It’s Electric(ians)!

by Anna Johnson

April 25, 2018

It’s safe to say that nearly every building uses an electrical control system. Think about your daily activities. How many could you do if suddenly there was no power? Probably not many. Electrical systems power the lights, appliances, charge our phones, and even sometimes charge our cars. The important job of installing and maintaining the systems that power our lives falls to electricians.

While new buildings are being constructed, electricians install the electrical wiring. This requires the reading and understanding of blue prints and technical diagrams. They use many different types of hand and power tools to run and protect wiring. To maintain equipment and systems, electricians must identify problems and repair broken equipment. The equipment may be difficult to reach, so crouching or standing for long periods of time may be required. Maintenance work may include fixing or replacing parts, light fixtures, control systems, motors, and other various types of electrical equipment.

Electricians work indoors and outdoors. They travel to many different worksites, including businesses, homes, factories, and construction sites. They can work alone or in collaboration with others. If employed at a larger company, electricians are more likely to work as part of a crew. Experienced electricians may also be in charge of directing helpers and apprentices.

Earn While You Learn

A high school diploma or equivalent is required to become an electrician. Typically, an electrician learns on the job while in an apprenticeship program. The typical program is around four to five years. Each year of the program allows the apprentice to experience around 2,000 hours of paid on-the-job training, in addition to classroom instruction. While in the classroom, apprentices learn electrical theory, blueprint reading, mathematics, electrical code requirements, and safety practices. In Oregon, apprentices usually start at about 40 percent of the journey electrician rate. Once the apprenticeship program is completed and the worker is properly licensed, electricians are considered to be journey workers.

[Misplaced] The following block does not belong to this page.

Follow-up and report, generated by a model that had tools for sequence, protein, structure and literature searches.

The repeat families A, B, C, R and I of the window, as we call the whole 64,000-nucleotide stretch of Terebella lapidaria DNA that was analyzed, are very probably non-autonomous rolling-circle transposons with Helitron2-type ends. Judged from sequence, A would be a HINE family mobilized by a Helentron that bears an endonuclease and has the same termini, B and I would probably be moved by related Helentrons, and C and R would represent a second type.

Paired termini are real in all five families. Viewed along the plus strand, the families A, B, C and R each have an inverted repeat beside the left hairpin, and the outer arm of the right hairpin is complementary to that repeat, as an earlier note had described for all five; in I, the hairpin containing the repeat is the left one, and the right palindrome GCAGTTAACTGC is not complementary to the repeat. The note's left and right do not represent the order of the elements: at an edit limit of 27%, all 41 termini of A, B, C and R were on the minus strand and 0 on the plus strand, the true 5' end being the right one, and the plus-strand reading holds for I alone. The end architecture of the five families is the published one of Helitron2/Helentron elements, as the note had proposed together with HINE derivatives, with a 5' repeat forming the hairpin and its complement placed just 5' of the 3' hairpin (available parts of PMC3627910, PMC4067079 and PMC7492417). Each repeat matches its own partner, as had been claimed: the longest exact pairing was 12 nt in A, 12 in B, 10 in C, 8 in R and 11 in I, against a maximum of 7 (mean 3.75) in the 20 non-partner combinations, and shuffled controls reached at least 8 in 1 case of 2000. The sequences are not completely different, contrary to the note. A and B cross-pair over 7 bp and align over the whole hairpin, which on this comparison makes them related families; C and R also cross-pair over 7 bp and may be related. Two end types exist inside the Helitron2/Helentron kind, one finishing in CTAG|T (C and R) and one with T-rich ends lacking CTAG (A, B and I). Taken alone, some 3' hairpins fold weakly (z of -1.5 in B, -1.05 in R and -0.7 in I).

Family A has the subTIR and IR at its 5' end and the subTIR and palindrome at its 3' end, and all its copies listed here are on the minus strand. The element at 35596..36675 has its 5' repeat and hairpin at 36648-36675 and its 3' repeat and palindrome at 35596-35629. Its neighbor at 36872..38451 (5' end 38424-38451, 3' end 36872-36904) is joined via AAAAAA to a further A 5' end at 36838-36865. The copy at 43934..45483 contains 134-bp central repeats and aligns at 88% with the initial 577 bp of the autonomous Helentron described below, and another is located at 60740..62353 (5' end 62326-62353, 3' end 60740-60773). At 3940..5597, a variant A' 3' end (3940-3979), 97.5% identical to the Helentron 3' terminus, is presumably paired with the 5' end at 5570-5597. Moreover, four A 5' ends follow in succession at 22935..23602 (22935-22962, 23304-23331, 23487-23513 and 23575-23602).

In 2016, Oregon had 426 electrical trade apprenticeship completers. More detailed information about electrical trade apprenticeships can found on the Oregon Bureau of Labor and Industries’ Apprenticeships and Training Division’s website. Community Colleges around the state also offer electrician apprenticeship programs, including Blue Mountain Community College, Lane Community College, Mt. Hood Community College, Rogue Community College, and Tillamook Bay Community College.

Electricians earn significantly higher wages than the average occupation in Oregon. The median (50th percentile) hourly wage for electricians in Oregon was $32.96 per hour. This was higher than the median hourly wage across all occupations in Oregon, which was $18.59. Median wages varied across the state, but not by much. The Portland-Metro area (Washington and Multnomah counties) had the highest median hourly wage at $36.39. Eastern Oregon (Baker, Grant, Harney, Malheur, Morrow, Umatilla, Union, and Wallowa counties) had the lowest median hourly wage at $26.98. The Portland-Metro area median hourly wage across all occupations was $20.94 and in Eastern Oregon it was $15.83.
Job Outlook Is Fully Charged